Had a look on the lake, got about 100 Coots and lots of Black Headed Gulls, one with a BTO type ring far to far away to read but none with Darviks. This young gull looked very Yellow Legged type when on the jetty with obvious Herring and Lesser Blackies around it for comparison, very white flat head, big dark bulbous bill with strong gonydial angle, very pale belly but in this pic just looks like a Herring Gull to me, the mantle was the usual mottled brown not showing much sign of any grey coming through..any advice anyone. Sorry about the quality of the pic it was a long way off and as soon as we started taking pics it hopped in to the water on the far side of the jetty had a quick bathe then flew off, could only get this one flight pic before it disappeared over the trees. Coverts are more brown than the grey in the pic and you can't really see the patternation.
The mystery stuff continues...a colleague of Wifey wants to plant some acorns to grow Oak trees and asked if it was possible to plant crinkly acorns...duhh what? Well he brought one in to work and Wifey brought it home. It sits on the top joint of our thumb - just. I think I know what it is over to you...anyone got any thoughts?

Where to next? Just the usual patchy stuff tomorrow.
In the meantime let us know what’s all washed up in your outback.

Monday, 30 August 2010

Quite a lot about not a lot

The Safari was out before the sun peeked over the eastern fells but it was just too clear for many migrants to have plummeted to earth overnight on Patch 1 or along Chat Alley. Having said that there was a Robin tic-ing in one garden and another singing from a garden down a side street for the first time on Patch 1 and the little park by which we leave the Land Rover for the cliff top walk had at least two Dunnocks calling. It was, however, crystal clear with views all around the bay. This early morning Wheatear was stonkingly bright, Greenland?, but wouldn't allow a close approach to snap him in all his glory.
Looking towards town and beyond you can see the Welsh hills of Snowdonia just above the deck of the pier. The cliffs were notable for having two Rock Hyraxes running about over their bare slopes - well they were Rabbits really, but there's no harm reminiscing about long past days in the Sinai Desert.
Three single Pied Wagtails went over and a true sign of autumn, a Meadow Pipit.
Looking out to the north west we could see the Isle of Man over the Penny Stone (more of which later). You won't be able to see it on the photo but through bins it was a clear as a bell. On the pic you can just about make out some thin cloud (between the arrows) that was sitting over the high ground. It's 90 miles (145km) away.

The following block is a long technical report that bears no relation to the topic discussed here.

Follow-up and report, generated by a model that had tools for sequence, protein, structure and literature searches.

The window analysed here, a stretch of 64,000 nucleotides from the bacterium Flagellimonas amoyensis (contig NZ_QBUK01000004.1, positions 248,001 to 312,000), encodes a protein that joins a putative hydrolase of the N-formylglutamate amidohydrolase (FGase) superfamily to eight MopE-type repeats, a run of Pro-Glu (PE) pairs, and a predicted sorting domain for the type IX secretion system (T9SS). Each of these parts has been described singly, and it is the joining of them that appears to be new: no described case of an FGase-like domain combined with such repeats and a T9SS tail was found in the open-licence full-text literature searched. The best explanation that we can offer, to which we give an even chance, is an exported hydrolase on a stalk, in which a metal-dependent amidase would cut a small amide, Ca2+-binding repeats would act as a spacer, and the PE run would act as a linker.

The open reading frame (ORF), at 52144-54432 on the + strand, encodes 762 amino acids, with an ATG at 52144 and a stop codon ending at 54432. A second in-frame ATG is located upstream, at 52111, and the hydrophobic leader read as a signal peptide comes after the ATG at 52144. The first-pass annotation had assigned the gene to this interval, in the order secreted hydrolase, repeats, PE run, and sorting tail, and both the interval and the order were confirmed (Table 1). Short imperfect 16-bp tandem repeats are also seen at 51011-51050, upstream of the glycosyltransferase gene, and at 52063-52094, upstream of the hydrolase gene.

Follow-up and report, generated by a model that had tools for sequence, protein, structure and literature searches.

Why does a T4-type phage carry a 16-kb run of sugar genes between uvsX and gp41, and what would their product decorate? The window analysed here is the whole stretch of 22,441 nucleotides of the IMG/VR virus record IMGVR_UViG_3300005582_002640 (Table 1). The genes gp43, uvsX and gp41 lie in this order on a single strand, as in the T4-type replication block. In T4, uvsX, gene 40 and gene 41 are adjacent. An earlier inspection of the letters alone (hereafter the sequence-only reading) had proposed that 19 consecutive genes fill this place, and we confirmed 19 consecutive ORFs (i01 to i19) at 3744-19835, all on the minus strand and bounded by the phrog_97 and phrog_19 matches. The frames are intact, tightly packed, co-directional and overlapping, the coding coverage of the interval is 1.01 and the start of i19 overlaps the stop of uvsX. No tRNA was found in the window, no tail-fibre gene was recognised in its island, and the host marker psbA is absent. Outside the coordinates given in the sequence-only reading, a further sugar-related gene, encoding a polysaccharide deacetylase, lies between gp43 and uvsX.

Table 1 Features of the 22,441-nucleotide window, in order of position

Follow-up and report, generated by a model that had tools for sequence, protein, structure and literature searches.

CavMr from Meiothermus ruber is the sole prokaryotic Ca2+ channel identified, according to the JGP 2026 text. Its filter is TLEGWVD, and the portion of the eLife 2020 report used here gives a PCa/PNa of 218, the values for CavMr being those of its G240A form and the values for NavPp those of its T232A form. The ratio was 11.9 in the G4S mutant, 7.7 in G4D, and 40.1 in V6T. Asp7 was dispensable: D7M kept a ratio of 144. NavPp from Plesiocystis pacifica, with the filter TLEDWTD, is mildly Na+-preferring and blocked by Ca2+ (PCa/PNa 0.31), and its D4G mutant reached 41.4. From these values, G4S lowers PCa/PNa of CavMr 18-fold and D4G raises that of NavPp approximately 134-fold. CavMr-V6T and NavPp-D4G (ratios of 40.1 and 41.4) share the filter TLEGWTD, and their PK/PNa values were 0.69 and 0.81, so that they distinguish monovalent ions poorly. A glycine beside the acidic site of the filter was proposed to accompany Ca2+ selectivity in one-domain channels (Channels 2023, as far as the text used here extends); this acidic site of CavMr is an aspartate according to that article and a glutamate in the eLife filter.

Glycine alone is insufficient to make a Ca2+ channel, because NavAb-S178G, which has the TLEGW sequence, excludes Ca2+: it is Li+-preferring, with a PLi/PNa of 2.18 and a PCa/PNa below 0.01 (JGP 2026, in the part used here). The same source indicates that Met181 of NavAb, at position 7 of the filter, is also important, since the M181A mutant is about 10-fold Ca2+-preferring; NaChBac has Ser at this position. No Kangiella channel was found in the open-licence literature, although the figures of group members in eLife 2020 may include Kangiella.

Northwards the Lake District hills were so clear that we could almost make out the sheep! Circled is our new friend the Penny Stone.
As for Wheatears we could only manage a grand total of four on the way out. not as many gulls on the beach as in recent visits and only a lone Great Black Back stood out from the crowd...no Connoisseur Gulls today.
Just one Swallow hawked back and forth skimming the grass on the cliffs. A single Redshank was heard which reminds us we forgot to mention the 27 and 100+ Turnstones we saw on the wall of the boating pool over the high tide on the 27th.
The walk back only gave us three Wheatears, so a top tally of four for the day wasn't as many as hope for.
This Herring Gull made us snigger - you shouldn't really laugh at another's misfortune - it was collecting Mussels and flying up with them to drop onto the concrete. This time it landed on the green slippery seaweedy slope and slithered to the bottom on its backside, then looked around to check if anyone had noticed!
Can't have hurt anything other than its pride as here it is searching for another Mussel.
A further three Pied Wagtails flew over and then the best/strangest sighting of the morning. Checking the higher ground for chats we somehow disturbed a Sparrowhawk from the long grass way above our heads. now was this a migrant or a local looking for tired migrants - which ever it was it flushed the third and final Wheatear of the walk back.
A quick play on the beach with Frank gave us a few Compass Jellyfish and a masses of Hornwort washed up on the sand .
After brekkie we set off for the nature reserve in bright sunshine and calm conditions. Lots of butterflies and good to see the most common by far was Small Tortoiseshell, and slightly disappointingly we couldn't find a Wall.